Fir-Sprig Doormat

11 November 2002

Happy Veterans' Day!

I had a good afternoon yesterday, working at the Prolific Oven in Palo Alto. Goooood coffee. Almost as good as M. Coffee down in Half Moon Bay. I coveted the éclairs but didn't order one, so I can't testify to the bakery skills. Anyway, I sat and read the Kalevala and worked. And some parts of the Kalevala were just hysterical to me. There's this bit where Väinämöinen was trying to figure out where to get charms to make his ship sail well:
"He ponders, reflects where he might get magic words,
find precious charms: 'Would it be from the pates of swallows,
from the line of flight of a flock of swans or from the shoulders of a skein of geese?'"
Awww. Isn't that nice? The pretty birdies.
"He set out to get the magic words. He destroyed a flock of swans,
killed off a skein of geese, swallows in countless numbers.
He did not get a charm at all, not a charm, not half a charm.
He ponders, reflects --" Well, I should think he would, after he killed off all those birds for nothing! "--'There might be a hundred charms
under the tongue of a reindeer in its summer vigor, in the mouth of a white squirrel.'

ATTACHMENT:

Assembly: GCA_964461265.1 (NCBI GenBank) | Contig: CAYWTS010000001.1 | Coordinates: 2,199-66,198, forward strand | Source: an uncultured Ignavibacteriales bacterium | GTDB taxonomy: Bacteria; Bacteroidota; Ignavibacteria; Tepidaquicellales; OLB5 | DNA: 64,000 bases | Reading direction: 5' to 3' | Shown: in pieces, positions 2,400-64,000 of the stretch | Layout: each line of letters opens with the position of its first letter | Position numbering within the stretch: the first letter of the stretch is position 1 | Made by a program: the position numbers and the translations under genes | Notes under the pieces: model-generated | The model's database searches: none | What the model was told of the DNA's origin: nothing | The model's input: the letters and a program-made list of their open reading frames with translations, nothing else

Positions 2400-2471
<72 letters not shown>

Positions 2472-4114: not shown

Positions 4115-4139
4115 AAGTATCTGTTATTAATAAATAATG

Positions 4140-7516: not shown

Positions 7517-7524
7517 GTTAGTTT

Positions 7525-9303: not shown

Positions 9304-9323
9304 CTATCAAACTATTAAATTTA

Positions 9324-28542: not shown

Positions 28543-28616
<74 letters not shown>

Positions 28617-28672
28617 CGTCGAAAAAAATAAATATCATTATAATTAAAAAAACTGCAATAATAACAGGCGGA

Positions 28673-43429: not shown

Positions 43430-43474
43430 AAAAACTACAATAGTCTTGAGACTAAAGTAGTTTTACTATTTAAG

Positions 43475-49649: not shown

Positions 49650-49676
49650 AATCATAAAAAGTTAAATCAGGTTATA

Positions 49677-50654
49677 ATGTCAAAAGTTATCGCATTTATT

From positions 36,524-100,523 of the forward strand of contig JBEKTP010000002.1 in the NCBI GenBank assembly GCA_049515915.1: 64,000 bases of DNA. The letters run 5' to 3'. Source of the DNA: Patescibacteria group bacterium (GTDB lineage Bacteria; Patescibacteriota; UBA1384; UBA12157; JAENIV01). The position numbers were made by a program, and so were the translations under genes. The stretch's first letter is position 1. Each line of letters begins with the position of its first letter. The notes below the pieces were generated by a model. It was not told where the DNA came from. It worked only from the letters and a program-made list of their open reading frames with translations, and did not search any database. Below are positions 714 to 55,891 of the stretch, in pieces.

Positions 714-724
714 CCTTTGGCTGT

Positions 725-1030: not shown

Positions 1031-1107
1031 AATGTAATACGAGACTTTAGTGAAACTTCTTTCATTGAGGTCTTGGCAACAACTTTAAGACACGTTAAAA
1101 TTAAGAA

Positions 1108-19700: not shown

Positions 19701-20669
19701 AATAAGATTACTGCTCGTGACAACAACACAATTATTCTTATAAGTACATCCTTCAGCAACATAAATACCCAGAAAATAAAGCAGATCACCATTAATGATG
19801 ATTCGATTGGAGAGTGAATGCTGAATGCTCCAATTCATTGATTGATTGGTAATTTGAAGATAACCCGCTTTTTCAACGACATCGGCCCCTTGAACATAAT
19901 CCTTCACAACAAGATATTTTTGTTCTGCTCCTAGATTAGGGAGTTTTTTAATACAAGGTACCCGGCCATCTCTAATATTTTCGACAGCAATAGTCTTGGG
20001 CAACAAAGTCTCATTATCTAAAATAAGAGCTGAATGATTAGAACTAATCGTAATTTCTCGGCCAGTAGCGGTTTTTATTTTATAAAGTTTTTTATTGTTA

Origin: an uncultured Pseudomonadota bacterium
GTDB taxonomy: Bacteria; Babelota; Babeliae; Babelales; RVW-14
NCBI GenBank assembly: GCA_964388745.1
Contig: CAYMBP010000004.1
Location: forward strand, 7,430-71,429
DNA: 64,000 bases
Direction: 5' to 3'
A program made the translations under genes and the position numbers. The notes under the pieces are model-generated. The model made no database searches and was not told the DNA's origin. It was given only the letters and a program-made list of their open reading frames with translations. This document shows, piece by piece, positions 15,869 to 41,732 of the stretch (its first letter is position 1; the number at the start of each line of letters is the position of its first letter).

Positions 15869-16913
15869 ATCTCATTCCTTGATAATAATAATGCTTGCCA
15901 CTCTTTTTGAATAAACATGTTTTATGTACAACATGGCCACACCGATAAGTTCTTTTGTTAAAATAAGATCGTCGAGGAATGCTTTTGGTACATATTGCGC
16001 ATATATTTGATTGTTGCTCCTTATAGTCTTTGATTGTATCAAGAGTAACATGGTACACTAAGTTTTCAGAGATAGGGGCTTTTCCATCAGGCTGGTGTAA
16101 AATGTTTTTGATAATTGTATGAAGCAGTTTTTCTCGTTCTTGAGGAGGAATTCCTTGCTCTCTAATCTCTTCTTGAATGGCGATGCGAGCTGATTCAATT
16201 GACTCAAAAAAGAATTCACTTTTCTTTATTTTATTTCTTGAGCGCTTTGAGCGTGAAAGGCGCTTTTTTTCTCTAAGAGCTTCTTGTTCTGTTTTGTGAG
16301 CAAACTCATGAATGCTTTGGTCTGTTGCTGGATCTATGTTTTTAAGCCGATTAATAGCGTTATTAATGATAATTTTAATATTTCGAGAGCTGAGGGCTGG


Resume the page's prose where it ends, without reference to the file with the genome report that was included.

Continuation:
He sets out to get charms, to get magic words.
He cut open a whole pastureful of reindeer, a big branchful of squirrels;
from this he got a lot of charms, all of no help."
Errrrr. I just have this great (and gruesome) mental image of Väinämöinen sitting around with a couple of piles of reindeer tongues and squirrel tongues, turning things into stone and making them turn blue and sing yoik and performing other boat-useless magics, growing more and more frustrated with each tongue.

Does that make me a sick person? Oh, possibly. The rest of them aren't nearly so yucky. There's the advice to a young woman getting married, that's pretty good:
"At home you were like a flower, a delight in your father's farmyard;
your father called you 'Moonlight,' your mother 'Sunbeam,'
your brother 'Gleam of Water,' your sister 'Blue Broadcloth.'
You are going to another farm, to be under a strange mother,
the strange mother unlike your mother, the other woman unlike the one who bore you.
Seldom did the strange one reprimand nicely, seldom give instruction properly;
The father-in-law will call you 'Fir-sprig Doormat,' the mother-in-law call you 'Clumsy Lappish Reindeer Sled,'
the brother-in-law 'Threshold of the Outer Stairs,' the sister-in-law will call you 'Worst of Women.'"